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Appointed CEO of Porsche at just 32, Kevin Gaskell was credited with transforming the iconic brand from near bankruptcy to the UK’s most profitable importer. Kevin then went onto become CEO for BMW, before founding carsdirect.com in 2000. In 2001 he became group CEO of EurotaxGlass’s Group AG, Switzerland, where in 2007 he led a €500M MBO. Since then Kevin has chaired over half a dozen exciting brands, from a technology business ranked the “ the 7th most innovative company in the world" to a gardening centre. Oh, and he’s also climbed the world's highest mountains, walked unsupported to the North and South Poles and played international cricket!
With such an astonishing list of achievements, we met with Kevin to uncover the fundamental principles that have enabled him to achieve his goals time and time again. In particular, we were fascinated about his approach to leadership and his ability to get the most out of the people around him.
Leaders come in all shapes and sizes. Some charismatic, some introvert. However, the one thing they share is clarity of vision and the ability to take a structured approach to making that vision a reality.
I first tell people to forget today’s reality. Let’s instead dream of what the business will one day become. People find it difficult to see past the challenges of the moment, but only when you push these to one side can you see the full potential of your vision.
It’s essential. It should be on just one page for everyone to see, along with the steps required to make that happen.
Everyone should want to make a difference and everyone should want to lead their part of the business, no matter how great or small.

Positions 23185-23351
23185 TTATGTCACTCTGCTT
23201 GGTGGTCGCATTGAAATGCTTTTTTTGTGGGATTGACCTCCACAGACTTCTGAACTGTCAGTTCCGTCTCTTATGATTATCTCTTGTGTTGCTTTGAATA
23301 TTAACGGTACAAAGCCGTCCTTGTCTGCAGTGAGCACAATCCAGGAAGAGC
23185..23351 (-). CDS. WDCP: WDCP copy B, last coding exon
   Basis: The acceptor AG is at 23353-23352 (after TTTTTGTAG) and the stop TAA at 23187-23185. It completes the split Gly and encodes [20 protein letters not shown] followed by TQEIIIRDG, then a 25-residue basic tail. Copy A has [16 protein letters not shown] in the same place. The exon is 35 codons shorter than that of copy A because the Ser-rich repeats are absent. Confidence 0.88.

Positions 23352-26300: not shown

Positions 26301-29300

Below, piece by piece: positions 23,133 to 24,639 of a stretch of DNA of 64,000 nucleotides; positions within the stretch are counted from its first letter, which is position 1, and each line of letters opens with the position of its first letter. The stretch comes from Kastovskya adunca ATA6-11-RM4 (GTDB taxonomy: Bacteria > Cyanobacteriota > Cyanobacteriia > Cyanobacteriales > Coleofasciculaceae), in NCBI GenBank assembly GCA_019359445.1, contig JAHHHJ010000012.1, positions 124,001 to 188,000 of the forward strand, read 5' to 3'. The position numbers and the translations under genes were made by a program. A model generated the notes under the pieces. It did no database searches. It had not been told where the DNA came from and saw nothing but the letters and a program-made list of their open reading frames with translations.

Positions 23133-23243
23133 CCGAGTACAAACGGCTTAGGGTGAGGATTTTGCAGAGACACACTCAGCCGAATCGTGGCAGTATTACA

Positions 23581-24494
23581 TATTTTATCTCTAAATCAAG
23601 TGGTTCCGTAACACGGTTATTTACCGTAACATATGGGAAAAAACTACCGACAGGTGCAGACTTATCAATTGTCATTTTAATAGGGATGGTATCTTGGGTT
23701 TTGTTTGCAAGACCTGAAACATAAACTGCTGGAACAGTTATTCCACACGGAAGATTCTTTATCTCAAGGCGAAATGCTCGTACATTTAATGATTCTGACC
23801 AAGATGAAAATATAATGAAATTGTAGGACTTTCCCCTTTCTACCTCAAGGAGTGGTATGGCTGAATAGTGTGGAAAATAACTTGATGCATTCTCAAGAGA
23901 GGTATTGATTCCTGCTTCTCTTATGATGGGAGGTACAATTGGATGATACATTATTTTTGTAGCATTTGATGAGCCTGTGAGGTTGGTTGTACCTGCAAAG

I firmly believe that people are amazing and if they’re given the opportunity to lead something they care about then they will. If they choose not to then clearly they don’t belong in the team and need to be removed. That’s not to say it makes them a bad person, but clearly it isn’t their dream and they should go off and find the thing that really matters to them.
I don’t think deep technical understanding is necessary. It’s important that you’re able to assimilate information quickly and you’ve got to have a willingness to learn, but I regularly appoint people in roles where they have only minimal existing technical expertise. Great leaders have a highly transferable skill set and If they’re right for the position then they’ll find the time to learn the details once they’ve started.
Yes, I think like anything leadership can be learnt assuming the person has the desire. These are some of the skills, traits and habits the person needs to acquire:
Communication – Some people are born with a natural charisma, but even those who aren’t can learn to communicate effectively. It’s really all about being able to talk on the same level as others. My good friend calls it the “10 up and 10 down rule” where she always tries to employ people who can move either 10 layers up or 10 layers down an organisation and still hold a meaningful conversation.
Humility – Not only does humility enable you to communicate more effectively with people, but it will also make it easier for you to delegate as much of your role as possible, which should be one of your primary goals as leader. I often say that it’s not about the authority you have, it’s about the authority you give away.
Time management – as leader you are responsible for so much that if you are not in control of your time then things will simply fall apart. For me, it has always come down to prioritisation. I need to always be clear on what the single most important thing is for the development of the company, and ensure that it gets my attention first. Far too many CEO’s allow themselves to be led by the latest email in their inbox!
Reading – I am constantly devouring management books. Sometimes they reinforce what we already know but often they can open our mind to something completely new. Books I’ve recently read that I’d highly recommend include Multipliers by Liz Wiseman and Greg McKeown and It’s Your Ship by Captain D Michael Abrashoff.
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